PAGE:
by Brian Mahany
The U.S. government is getting quite sophisticated in its hunt for unreported foreign accounts and those they believe are laundering money. While most people who haven’t reported their offshore bank and brokerage accounts don’t have a clue about the disclosure rules, some do. The people who have decided not to cooperate with the IRS often open accounts under the name of a foreign corporation and have statements sent to an address outside the United States. For many years, that sort of activity worked but times are rapidly changing.
The penalties for willfully failing to disclose an offshore account include 5 years prison and huge monetary penalties – often $100,000 per year or more. Most foreign financial accounts must be disclosed annually by filing a Report of Foreign Bank and Financial Account, more commonly called an “FBAR.” For many taxpayers, the spectre of losing all their money and a long stay in prison is enough to force them into compliance. Others, however, continue to hold out.
FinCEN, Treasury’s Financial Crimes Enforcement Network, has proposed new rules requiring banks to determine the beneficial owners of nominee accounts. While FinCEN only has authority of U.S. financial institutions, some banking groups worry that the government will use its new FATCA law to require foreign banks to also comply.
Under the proposed regs, banks would be required to investigate and determine the beneficial ownership of accounts within their bank. Some experts believe that multi-tiered and foreign corporate ownership would make the task impossible for banks. Unfortunately under that scenario no one wins; banking fees would increase and the sophisticated tax dodgers might never be caught.
We believe that the proposed regulations are not well thought out and not likely to pass. At least not in their current form. World political pressure from the governments worldwide are forcing more transparency, however. Sooner or later banks and regulators will develop a better method of determining who controls bank accounts opened in third party names.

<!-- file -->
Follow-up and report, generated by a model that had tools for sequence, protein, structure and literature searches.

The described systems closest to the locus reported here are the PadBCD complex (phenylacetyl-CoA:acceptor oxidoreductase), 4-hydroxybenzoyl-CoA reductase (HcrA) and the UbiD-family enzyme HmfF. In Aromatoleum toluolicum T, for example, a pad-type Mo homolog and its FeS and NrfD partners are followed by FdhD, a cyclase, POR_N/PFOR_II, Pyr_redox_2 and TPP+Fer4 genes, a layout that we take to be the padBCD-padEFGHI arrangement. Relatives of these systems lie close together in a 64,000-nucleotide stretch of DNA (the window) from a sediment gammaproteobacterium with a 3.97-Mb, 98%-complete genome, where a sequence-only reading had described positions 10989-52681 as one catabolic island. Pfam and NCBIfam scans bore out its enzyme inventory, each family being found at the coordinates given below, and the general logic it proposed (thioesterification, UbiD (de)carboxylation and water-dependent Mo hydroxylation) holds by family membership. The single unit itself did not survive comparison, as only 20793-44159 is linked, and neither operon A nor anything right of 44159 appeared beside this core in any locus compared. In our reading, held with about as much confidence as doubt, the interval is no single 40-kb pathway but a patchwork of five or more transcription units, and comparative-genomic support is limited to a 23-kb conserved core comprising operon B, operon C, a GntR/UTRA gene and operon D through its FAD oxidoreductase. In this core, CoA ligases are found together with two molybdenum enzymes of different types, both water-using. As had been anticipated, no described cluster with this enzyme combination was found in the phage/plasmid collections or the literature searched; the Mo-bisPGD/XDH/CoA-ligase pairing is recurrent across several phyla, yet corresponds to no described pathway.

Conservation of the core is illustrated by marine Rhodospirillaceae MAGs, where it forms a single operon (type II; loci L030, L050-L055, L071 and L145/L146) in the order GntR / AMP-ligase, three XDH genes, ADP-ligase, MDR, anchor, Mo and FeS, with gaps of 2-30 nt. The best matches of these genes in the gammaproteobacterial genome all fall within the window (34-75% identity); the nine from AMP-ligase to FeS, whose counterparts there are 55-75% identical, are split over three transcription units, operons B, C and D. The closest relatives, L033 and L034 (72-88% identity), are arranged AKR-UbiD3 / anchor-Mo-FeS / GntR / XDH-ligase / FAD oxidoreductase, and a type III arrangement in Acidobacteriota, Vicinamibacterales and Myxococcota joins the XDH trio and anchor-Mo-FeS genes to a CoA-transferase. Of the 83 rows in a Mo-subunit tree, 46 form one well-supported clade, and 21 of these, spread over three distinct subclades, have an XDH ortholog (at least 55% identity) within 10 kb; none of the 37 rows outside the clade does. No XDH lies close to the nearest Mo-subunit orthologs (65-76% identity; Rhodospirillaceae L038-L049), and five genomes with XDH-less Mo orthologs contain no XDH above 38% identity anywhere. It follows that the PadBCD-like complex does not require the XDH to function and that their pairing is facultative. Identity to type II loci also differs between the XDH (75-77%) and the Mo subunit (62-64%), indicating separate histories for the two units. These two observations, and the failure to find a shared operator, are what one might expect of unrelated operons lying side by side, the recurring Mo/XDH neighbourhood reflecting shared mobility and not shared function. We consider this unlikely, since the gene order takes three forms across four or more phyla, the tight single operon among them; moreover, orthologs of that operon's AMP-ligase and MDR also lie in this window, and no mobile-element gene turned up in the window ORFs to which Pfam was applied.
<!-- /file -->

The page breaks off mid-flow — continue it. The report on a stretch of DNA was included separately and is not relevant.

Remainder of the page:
One of the most effective tools in the government’s arsenal are indictments aimed at bankers, lawyers and other gate keepers. Frequently these people are the first to cooperate and turn over the identities of their clients.
If you have an unreported account and think you are safe from prosecution, think again. The chances of getting caught increase everyday. Currently the IRS is running an amnesty program called the Offshore Voluntary Disclosure Program or “OVDI.” Although the penalties are a bit steep, the voluntary disclosure program involves no audit, no questions and no prosecution. It’s a great deal for those who may have acted willfully when opening their account or concealing it through use of an offshore entity and nominee owner.
The one catch is that you must apply for amnesty before contacts you. Once you receive an audit notice or knock on the door its too late.
The tax lawyers at Mahany & Ertl have helped many people with a wide variety of offshore tax matters – OVDI, FBARs, tax amnesty, foreign corporations and FATCA to name a few. All inquiries are protected by the attorney – client privilege and are kept in complete confidence. For more information contact attorney Bethany Kroes at (414) 223-0464 or by email at
Mahany & Ertl – America’s Tax Lawyers. Offices in Milwaukee, Wisconsin; Detroit, Michigan; Portland, Maine & Minneapolis, Minnesota. IRS services available worldwide.